Canada’s annual inflation rate fell slightly in February, giving the Bank of Canada room to keep interest rates low over the next few months, economists say.
Statistics Canada said Friday its consumer price index edged down one-tenth of a point to 2.2 per cent in February, with rising energy and gas prices keeping inflation just above the Bank of Canada’s ideal two per cent target.
The core inflation rate, which excludes volatile items such as gas and food, fell to 0.9 per cent — its lowest level since the government started keeping records in 1984. Economists had predicted an annual core rate of 1.1 per cent and annual inflation to remain at the January level of 2.3 per cent.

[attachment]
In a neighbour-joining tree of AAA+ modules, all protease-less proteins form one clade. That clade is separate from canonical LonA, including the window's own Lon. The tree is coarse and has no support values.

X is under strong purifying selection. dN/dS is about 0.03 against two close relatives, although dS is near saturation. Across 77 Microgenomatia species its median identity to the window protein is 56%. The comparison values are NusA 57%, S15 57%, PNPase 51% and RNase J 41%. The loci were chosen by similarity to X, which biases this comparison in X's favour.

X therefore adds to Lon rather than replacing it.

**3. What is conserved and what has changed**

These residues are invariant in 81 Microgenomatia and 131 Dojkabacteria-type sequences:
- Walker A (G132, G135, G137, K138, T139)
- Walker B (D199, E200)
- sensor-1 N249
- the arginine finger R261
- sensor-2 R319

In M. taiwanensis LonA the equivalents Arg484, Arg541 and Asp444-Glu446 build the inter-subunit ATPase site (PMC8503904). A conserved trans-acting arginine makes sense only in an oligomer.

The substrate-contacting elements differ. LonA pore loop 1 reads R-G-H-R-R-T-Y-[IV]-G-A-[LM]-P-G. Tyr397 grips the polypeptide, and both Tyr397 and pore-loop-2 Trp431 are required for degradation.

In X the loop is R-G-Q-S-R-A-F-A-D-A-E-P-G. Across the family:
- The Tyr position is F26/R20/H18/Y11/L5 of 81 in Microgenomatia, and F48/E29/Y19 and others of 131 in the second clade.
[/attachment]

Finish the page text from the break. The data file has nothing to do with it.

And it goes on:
It all means the country’s central bank might take its time when it comes to raising interest rates, said CIBC World Markets economist Emanuella Enenajor.
“These (inflation) numbers certainly make it less likely that a May rate hike could happen, we do have to admit,” she said.
“Such a soft core number suggests there’s less pressure for the Bank of Canada to really start hiking rates aggressively so it gives it a little more leeway.”